Happy New Year! So I have finally come out with the much-anticipated (at least by me) ‘Fiercest figures of 2012’ list. I know I’m a little late with this (I’m running on ‘new blogger’ time) but I’ve been busy making some changes to my blog (stay tuned for some new added features, like Pinterest!) and expanding my series on Ethical Fashion, which I will be returning to this week. While the assortment of people and movements I have highlighted on this list may seem kind of random, rest assured that there is a rhyme and reason to this madness. All of these figures are connected by a theme of fierceness, which goes so beyond being able to pose as an attractive circus freak a la America’s Next Top Model, regardless of what Tyra may think. Fierceness, for me, is encompassed by those who challenge the norm, go against the grain, and beat to their own drum. It’s standing up for what you believe in, thinking outside the box, and fighting for equality and social justice. And hey, if you can do all of those things while posing as an attractive circus freak, then props. to. you. I’m not hatin’ homies.

Fashion: In many respects, it was a depressing year for fashion. Three hundred people killed in a textile factory fire in Pakistan. Toxic chemicals found in the clothes of popular brands like Levi’s, Calvin Klein, and Victoria’s Secret. The fact that Wal-Mart refused to pay for Bangladesh factory safety improvements that could have prevented the deaths of 112 people. The report that revealed that ‘fast fashion’ brands like H&M and Forever 21 were exploiting their workers. Ugh. The list of sad, if not horrific stories never seemed to end, shattering the facade of glamor to which the industry so desperately clings. But these catastrophies did not go ignored. Protest movements from around the world rose up and united in their calls for a more equitable industry.  And at the same time, notable industry players were openly challenging the status quo of the industry, from normative beauty ideals to treating cultures like trends. Here are just a few of these people and movements that I thought were noteworthy to mention:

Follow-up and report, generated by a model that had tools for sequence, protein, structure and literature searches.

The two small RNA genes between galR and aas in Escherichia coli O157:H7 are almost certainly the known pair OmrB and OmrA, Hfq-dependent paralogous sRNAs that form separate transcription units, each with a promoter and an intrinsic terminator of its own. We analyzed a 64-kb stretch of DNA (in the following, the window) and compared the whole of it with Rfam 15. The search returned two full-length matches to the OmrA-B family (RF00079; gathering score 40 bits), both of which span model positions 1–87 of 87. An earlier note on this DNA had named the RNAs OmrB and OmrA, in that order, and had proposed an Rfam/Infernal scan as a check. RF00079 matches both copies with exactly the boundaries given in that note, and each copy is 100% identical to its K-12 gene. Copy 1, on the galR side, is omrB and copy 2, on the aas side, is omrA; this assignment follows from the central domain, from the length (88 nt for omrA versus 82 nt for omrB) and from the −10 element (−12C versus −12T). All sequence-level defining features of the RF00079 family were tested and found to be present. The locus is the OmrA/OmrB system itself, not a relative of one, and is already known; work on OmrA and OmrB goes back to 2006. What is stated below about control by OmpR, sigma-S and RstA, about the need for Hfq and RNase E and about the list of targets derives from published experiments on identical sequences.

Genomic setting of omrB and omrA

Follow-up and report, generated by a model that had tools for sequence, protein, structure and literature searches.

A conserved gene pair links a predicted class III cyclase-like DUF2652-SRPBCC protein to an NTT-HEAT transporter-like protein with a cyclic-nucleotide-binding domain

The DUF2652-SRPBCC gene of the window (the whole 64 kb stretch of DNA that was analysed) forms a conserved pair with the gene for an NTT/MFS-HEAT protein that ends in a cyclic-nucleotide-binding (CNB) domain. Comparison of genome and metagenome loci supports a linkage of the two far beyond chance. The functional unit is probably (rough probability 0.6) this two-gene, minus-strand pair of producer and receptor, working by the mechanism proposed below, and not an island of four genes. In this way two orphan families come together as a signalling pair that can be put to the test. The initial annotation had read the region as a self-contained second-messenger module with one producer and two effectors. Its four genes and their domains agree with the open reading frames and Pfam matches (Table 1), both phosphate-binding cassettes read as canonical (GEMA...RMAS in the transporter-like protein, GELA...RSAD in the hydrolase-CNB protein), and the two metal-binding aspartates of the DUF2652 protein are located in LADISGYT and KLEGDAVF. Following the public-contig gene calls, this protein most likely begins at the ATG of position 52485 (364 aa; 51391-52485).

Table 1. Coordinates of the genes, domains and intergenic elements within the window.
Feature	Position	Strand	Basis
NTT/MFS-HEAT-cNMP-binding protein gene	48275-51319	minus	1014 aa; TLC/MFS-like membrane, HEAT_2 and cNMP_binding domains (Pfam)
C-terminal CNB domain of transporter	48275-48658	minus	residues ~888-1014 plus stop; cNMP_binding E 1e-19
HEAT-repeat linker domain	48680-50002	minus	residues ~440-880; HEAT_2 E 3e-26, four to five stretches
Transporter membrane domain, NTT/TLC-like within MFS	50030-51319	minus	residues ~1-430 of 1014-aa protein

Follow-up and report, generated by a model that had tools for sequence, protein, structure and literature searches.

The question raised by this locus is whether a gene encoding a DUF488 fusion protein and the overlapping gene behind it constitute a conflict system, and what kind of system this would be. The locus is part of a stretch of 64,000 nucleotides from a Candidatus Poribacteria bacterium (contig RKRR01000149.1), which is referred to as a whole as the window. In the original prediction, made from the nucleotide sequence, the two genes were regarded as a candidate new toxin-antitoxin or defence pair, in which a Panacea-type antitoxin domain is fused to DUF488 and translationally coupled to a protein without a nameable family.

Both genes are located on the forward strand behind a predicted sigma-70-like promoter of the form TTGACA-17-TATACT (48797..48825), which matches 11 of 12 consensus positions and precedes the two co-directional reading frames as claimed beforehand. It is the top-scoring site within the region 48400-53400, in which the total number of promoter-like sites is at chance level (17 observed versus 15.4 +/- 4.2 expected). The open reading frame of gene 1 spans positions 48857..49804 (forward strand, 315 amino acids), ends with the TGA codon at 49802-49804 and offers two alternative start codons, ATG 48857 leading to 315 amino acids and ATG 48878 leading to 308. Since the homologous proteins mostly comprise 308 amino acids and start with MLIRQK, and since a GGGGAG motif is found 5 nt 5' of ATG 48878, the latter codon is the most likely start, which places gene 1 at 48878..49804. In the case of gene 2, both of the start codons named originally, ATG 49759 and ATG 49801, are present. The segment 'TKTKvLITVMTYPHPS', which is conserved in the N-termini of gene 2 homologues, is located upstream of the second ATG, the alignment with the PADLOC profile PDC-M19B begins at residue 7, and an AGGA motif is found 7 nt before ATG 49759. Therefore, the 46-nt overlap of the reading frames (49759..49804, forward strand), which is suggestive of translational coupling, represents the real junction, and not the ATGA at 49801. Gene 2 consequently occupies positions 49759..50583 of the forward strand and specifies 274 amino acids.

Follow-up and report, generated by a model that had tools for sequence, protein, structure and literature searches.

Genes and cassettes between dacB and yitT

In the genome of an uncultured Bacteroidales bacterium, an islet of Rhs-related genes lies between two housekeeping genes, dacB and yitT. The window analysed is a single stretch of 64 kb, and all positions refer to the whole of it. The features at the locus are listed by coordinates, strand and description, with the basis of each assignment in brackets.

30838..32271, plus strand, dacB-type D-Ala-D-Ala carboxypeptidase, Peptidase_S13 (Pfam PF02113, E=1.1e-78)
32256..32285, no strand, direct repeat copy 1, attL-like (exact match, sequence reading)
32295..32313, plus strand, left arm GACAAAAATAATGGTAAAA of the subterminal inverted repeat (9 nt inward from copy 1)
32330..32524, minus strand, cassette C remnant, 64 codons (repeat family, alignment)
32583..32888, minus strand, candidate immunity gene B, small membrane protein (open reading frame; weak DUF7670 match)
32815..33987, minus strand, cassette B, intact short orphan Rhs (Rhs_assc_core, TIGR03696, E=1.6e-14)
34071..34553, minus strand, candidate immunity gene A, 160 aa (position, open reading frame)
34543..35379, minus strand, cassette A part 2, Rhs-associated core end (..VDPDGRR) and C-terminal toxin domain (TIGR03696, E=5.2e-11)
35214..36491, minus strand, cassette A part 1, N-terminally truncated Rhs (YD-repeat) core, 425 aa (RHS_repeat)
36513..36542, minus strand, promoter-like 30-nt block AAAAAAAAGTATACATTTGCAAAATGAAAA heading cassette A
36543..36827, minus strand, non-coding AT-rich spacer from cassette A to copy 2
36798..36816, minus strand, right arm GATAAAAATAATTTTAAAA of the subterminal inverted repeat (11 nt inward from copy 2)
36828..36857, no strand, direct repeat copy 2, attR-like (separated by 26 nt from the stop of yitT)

27bangladesh-articleLarge

Thousands take to the streets on the outskirts of Daka to protest working conditions in Bangladesh textile factories (photo courtesy of Andrew Biraj/Reuters).

Bangladesh protests: Thousands of people took to the streets to protest  the factory fire that was counted as one of Bangladesh’s worst industrial disasters. The story was covered internationally, with the Bangladesh Center for Worker Solidarity calling out “Western brands” for faulty monitoring practices.

Greenpeace: You want to know what fierce is? It’s releasing a report that reveals the toxic chemicals found in the clothes we wear, and then successfully sparking a world-wide protest movement that effectively led to twelve global fashion leaders like Nike, H&M and Zara to commit to the elimination of hazardous chemicals released into our clothes and water. Talk about getting it DONE. Awesome.